Coming full circle
- from Shaastra :: vol 02 issue 02 :: Mar - Apr 2023
Transitioning to a circular economy is critical to addressing climate change, and the economic and other losses through wastage. Sustainable innovation holds the key.
What's the real cost of a packet of chips? It's hard to calculate because of the packaging. The light weight of plastic, its low cost and its reasonably high strength make plastic material ideal to pack chips and many other food items. But plastic is notoriously harmful from a conservation point of view: almost nothing gets recycled, according to a study by the Ellen MacArthur Foundation. Plastic goes into landfills or gets leaked into the ocean.
The minuscule parts that get recycled are converted to low-value items such as garbage or rigid furniture. New enterprises are trying to do more. For example, Ashaya, a social enterprise based in Pune, is converting plastic into sunglasses. The success of products like these hinges on many factors. However, it is an indicator that the 'circular economy' — an economy that stretches resources, minimises waste, and recycles or repurposes materials into new products — is seen not only as important but also cool.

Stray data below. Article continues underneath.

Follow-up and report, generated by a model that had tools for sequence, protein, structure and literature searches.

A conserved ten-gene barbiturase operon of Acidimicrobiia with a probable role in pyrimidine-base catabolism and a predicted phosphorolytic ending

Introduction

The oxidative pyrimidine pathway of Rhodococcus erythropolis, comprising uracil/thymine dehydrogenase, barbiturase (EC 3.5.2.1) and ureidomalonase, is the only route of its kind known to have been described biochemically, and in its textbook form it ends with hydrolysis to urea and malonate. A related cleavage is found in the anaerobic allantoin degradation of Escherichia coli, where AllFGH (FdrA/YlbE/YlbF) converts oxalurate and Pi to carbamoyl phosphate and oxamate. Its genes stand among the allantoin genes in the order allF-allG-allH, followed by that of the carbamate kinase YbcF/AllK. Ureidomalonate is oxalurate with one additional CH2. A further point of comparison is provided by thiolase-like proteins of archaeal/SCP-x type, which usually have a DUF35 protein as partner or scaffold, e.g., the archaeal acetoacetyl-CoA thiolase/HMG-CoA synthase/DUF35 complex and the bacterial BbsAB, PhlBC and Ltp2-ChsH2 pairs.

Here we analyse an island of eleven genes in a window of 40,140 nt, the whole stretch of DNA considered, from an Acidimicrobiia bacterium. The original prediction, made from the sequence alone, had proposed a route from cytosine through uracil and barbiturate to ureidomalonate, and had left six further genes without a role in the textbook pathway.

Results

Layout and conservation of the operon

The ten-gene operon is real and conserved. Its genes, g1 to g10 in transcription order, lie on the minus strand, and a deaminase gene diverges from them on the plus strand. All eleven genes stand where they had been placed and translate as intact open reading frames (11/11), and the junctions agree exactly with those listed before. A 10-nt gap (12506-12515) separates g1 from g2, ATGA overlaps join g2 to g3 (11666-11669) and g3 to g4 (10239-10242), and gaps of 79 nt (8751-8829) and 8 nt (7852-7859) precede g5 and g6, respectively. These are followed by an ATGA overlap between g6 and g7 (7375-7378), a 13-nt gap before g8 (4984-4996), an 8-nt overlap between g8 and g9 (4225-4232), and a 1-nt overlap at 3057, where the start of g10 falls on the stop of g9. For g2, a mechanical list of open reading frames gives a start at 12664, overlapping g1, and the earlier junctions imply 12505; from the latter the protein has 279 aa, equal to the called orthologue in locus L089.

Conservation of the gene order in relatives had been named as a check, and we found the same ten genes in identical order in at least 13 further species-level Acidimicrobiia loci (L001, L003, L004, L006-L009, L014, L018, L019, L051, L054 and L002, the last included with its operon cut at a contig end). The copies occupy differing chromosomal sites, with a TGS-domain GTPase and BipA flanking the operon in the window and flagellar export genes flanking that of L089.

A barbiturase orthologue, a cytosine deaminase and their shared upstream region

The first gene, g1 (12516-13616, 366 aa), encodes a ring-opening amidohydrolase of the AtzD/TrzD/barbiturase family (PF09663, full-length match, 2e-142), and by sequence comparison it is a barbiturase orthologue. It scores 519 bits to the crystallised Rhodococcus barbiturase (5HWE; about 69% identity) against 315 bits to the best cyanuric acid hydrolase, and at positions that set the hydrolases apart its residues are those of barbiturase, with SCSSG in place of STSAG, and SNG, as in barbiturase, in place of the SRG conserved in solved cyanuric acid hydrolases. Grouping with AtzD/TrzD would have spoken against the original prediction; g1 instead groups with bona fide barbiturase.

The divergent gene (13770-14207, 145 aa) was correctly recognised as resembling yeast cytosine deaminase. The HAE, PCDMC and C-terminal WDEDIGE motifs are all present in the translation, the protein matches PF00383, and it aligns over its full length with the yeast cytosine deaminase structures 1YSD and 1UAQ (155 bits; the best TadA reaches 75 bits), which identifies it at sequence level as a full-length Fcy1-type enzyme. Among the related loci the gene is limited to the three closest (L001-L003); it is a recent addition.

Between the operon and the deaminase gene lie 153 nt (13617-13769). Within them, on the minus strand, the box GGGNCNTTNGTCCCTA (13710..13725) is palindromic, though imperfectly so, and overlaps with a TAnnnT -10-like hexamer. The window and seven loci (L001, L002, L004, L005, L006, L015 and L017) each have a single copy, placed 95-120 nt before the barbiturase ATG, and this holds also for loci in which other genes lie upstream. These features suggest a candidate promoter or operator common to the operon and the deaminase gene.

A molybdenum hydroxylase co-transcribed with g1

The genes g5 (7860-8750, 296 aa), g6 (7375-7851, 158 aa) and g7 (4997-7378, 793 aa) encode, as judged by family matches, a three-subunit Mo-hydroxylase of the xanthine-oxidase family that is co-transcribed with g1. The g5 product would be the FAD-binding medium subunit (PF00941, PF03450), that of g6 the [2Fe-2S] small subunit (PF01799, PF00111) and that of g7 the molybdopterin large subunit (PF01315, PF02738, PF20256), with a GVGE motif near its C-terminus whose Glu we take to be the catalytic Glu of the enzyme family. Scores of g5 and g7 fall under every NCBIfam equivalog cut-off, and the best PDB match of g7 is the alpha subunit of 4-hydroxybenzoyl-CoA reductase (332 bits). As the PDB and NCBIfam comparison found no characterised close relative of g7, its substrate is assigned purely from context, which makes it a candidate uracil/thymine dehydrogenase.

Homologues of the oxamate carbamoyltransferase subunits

Transitioning to a circular economy is important in the context of the reality of climate change — and the economic and other losses through wastage that it addresses. Currently, the predominant economic model that drives both agriculture and manufacturing results in huge wastage, significant economic loss, and also environmental loss given the way the waste is disposed. For example, besides an economic loss of $500 billion, the total plastics in oceans is expected to exceed the total fishes by weight by 2050.